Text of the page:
From Derechos Humanos: A Time to Push for a Human Rights Framework in Immigration Reform

Continuing with the theme from this morning…….

“Immigration is an issue that has served as a lightning rod to divide communities.  It is not a “problem,” as it is commonly portrayed, but rather an issue across the world-the inflow and outflow of workers, tourists, capital, etc., especially with the global economic restructuring.  Since 9/11, the successful marriage of the concepts of “immigration” and “national security” has created a disconnect for the majority of the U.S. public, failing to acknowledge the complexities of immigration issues, while providing a permanent scapegoat for all societal ills.  When public opinion became increasingly negative toward immigration as a result, this was then used as a justification for “enforcement-only” policies, leading to the bloated budget and alarming size of the Department of Homeland Security…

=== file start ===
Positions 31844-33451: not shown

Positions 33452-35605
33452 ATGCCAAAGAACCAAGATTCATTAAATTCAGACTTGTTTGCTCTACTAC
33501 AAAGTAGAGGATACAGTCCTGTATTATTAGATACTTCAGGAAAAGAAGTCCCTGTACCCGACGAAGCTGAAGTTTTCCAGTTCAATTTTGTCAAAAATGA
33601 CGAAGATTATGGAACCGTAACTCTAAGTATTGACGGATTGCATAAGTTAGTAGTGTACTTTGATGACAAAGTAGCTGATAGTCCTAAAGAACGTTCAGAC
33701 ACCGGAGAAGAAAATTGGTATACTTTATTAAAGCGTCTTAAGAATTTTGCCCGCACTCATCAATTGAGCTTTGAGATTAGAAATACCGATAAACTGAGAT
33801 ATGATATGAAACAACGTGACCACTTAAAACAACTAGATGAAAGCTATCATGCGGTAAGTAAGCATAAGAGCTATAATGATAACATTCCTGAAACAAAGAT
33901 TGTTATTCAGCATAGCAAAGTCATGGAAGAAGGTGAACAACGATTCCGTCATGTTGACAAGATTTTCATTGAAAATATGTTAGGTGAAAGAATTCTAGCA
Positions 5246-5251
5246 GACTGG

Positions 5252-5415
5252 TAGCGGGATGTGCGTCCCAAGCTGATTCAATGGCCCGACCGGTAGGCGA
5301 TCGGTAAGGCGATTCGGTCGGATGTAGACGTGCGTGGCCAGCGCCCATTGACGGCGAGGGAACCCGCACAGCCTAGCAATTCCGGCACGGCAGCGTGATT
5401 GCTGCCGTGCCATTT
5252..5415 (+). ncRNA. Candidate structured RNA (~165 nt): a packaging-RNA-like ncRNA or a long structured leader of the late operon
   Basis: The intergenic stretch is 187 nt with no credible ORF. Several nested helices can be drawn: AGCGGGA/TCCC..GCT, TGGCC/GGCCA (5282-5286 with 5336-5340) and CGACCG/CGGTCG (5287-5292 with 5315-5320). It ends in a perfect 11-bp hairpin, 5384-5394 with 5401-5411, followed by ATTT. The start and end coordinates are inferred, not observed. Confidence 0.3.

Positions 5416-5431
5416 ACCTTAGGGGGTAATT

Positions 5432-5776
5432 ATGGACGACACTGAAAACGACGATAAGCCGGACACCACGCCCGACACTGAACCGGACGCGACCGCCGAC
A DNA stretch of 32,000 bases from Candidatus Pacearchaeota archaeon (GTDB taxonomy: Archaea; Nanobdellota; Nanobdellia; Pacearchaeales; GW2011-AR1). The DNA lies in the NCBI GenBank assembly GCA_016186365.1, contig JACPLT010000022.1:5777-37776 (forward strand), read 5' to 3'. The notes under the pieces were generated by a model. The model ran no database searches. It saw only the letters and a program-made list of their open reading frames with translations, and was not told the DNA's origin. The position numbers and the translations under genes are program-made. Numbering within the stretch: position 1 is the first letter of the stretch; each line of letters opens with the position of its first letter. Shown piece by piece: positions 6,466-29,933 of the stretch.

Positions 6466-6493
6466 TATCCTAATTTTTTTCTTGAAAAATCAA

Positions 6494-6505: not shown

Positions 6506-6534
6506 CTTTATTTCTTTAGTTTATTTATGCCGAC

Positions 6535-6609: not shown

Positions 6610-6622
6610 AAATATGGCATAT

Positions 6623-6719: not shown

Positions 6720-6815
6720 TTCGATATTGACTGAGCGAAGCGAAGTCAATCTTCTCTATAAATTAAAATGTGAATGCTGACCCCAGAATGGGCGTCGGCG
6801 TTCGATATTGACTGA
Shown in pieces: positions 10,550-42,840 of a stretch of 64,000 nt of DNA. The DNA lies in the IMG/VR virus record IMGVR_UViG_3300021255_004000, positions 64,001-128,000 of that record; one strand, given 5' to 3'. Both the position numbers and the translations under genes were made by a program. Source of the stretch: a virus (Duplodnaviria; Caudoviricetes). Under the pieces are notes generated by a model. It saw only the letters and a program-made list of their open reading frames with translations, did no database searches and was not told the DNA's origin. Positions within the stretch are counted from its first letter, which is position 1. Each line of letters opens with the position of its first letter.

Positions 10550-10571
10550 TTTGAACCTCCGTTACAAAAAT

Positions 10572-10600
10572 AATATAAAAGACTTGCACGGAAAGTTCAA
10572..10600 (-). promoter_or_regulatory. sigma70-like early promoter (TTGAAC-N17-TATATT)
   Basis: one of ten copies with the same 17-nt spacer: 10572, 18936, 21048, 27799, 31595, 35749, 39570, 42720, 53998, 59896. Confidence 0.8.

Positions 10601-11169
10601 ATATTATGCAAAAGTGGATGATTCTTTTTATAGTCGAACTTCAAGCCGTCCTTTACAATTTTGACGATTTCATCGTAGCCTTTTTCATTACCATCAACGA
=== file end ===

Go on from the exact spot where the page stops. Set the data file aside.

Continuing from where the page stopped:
“The militarization of the U.S.-México border has resulted in the documented deaths of at least 2,400 migrant men, women and children on the Arizona border alone.  Across the border, more than 6,000 remains have been recovered. These policies of funneling migration into the deadliest and most desolate areas have created a human rights crisis, and should be denounced by the international community.  They are a disgrace to the spirit with which border communities live and work together.  We demand the dismantling of the wall and the “virtual” wall along the border.  National Guard troops must be removed from the border, and the utilization of the military to enforce immigration and border policies prohibited.  We must end the privatization of border control and security operations on the border, putting the real security of our communities before the profits of corporations.” – For Immediate Release: Dec. 18th: A Time to Push for a Human Rights Framework in Immigration Reform.

from La Coalición de Derechos Humanos, in Tucson, AZ, where I worked during my semester in the Borderlands. Derechos knows what’s happening in Tucson, and the communities immigration reform will affect most directly need to be heard.

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